I have put on jeans, a long-sleeved shirt. My mother follows suit. We grab our coffee and head to the back porch and strain our necks in order to look right above us, where the Leonids are supposed to show themselves. If they are showing themselves, we are having a difficult time seeing them. The sky-rushing coconut trees and bamboo clutches sweep the scenery and make it difficult to see much of anything. I tell my mother I will go to the front yard to see if there is a better view.

Two spots in the universe flicker bright and then pass away, and then a trailing star child releases its grip before sizzling and sinking into the dark again. It is a curious moment, that moment when a star releases itself from the dark; it appears to be struggling, attempting to unclutch itself from a trapeze web or crabbing net or mess of tangled hair. Then it goes soft and quick until it’s there no more. 

I tell my mother to come to the front, that I’ve seen three shooting stars. She says she saw a few in the back while I was gone. I do not know if we saw the same meteors. We stare at the sky again for some time more, but the sky refuses us. After ten minutes, our necks aching, we give up and go inside to watch more television and wait for the world to catch up to us.

On the news, a little girl has gone missing. She was on a train, and then she wasn’t on the train. 


The act of making me appear again

At the district office, my mother feels lucky—the woman she spoke to last year still works there. My mother approaches her with all my papers in hand to finalize the act of making me appear again. 

I hadn’t existed in thirty-nine years, and now that I am here in person, this representative can resurrect the dead. I had only to go in person, the representative told my mother a year ago. So here I was. But there’s a problem. I haven’t existed in over thirty-nine years. The trail has been broken. Evidence and explanations are needed to account for those years. Why was I left behind? My mother explains it all again and reminds the woman that she had been through this all before with her last year and that the woman said that I simply had to come in person and that merely showing myself would right the past and make me a person again. The woman seems to remember speaking to my mother a year ago, and is realizing that I have made the trip, am there, and that, regardless of what the system says, she will somehow have to make me a real person again.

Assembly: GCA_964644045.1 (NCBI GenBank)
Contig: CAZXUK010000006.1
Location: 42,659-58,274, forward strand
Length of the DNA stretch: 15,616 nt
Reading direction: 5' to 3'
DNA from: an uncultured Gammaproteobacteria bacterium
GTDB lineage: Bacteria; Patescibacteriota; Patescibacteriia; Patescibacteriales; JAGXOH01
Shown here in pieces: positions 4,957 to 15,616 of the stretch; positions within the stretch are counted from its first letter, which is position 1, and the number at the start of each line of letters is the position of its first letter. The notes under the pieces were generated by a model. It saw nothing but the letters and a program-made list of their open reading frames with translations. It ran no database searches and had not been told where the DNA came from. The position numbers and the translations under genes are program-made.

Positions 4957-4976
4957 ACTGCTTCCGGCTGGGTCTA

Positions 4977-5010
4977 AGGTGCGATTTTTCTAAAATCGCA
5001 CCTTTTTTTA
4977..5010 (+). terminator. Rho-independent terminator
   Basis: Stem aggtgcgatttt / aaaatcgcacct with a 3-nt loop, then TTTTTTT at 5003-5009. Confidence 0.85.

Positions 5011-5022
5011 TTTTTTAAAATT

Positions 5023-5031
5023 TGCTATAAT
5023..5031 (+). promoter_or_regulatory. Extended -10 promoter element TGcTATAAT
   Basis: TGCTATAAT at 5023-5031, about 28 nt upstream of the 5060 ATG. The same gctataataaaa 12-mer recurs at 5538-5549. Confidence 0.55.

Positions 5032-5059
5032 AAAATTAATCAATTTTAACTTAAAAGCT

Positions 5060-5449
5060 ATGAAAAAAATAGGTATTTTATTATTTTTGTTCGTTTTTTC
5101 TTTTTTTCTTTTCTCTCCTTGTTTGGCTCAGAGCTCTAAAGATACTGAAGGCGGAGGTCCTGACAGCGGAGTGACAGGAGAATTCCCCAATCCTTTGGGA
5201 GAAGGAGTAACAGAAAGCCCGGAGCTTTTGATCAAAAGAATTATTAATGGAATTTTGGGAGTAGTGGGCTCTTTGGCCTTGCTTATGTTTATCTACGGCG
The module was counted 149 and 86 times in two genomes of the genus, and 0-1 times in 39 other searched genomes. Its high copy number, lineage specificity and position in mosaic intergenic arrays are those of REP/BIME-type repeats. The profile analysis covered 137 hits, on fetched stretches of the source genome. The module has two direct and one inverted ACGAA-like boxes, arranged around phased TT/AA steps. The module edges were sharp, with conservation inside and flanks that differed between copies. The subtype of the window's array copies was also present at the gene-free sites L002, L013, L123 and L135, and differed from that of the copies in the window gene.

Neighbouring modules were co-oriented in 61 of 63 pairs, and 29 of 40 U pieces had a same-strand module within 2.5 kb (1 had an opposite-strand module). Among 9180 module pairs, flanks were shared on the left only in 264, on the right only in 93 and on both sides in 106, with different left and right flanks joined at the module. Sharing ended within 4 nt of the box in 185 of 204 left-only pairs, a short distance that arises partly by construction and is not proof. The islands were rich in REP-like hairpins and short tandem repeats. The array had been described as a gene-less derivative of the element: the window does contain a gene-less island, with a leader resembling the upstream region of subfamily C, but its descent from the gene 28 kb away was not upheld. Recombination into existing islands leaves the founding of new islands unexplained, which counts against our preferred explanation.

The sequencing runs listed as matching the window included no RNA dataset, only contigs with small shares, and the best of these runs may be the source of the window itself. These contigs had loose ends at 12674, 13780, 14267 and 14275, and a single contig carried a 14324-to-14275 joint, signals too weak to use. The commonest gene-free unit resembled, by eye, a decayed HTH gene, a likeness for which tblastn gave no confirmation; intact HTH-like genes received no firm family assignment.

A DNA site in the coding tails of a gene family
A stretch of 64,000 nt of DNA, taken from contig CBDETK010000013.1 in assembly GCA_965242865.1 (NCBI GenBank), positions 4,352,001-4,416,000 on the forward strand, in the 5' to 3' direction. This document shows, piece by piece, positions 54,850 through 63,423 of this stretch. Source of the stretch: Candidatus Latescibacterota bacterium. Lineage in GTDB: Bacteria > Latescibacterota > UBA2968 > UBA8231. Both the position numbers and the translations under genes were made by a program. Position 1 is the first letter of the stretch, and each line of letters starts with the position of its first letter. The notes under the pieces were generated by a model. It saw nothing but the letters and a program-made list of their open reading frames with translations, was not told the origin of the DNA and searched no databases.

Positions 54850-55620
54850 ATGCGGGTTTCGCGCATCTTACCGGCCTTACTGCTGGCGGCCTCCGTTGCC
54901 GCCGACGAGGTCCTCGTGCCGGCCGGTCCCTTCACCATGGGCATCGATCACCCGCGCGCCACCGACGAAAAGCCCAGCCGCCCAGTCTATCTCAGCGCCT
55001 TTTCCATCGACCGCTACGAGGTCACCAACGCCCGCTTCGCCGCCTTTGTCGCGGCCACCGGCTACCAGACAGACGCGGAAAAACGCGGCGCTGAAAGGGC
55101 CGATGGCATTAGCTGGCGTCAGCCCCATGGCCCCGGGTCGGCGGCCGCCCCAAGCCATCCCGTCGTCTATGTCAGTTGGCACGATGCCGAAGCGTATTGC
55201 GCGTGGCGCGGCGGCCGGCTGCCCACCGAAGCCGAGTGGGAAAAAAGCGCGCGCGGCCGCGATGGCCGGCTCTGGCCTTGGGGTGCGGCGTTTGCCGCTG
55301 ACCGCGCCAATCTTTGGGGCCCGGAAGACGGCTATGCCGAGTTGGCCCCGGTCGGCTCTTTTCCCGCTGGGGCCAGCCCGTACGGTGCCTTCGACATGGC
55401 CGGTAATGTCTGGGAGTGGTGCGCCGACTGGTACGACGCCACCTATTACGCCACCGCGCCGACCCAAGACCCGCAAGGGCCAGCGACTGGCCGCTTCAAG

My age trips everything up. They want to know why I hadn’t taken care of this issue before. See-seep-gow. See-seep-gow. I keep that rhythm under my tongue to quickly spit it out again. Thirty-nine. Thirty-nine. It confuses them. Why now? Why not before? Thirty-nine. It confuses me. How do I explain to them that it happens so quickly that you don’t even know it’s happening?

She was left behind in Johor, my mother explains again.

In the waiting area, there’s a tv, and a popular Thai serial drama is on. It’s about a girl who refuses to be part of her upper-class family. The girl runs away, becomes a beggar, lives on the streets. She has cut her hair close to her scalp. She wants to be a nonbeing. 


A black cloud I had to part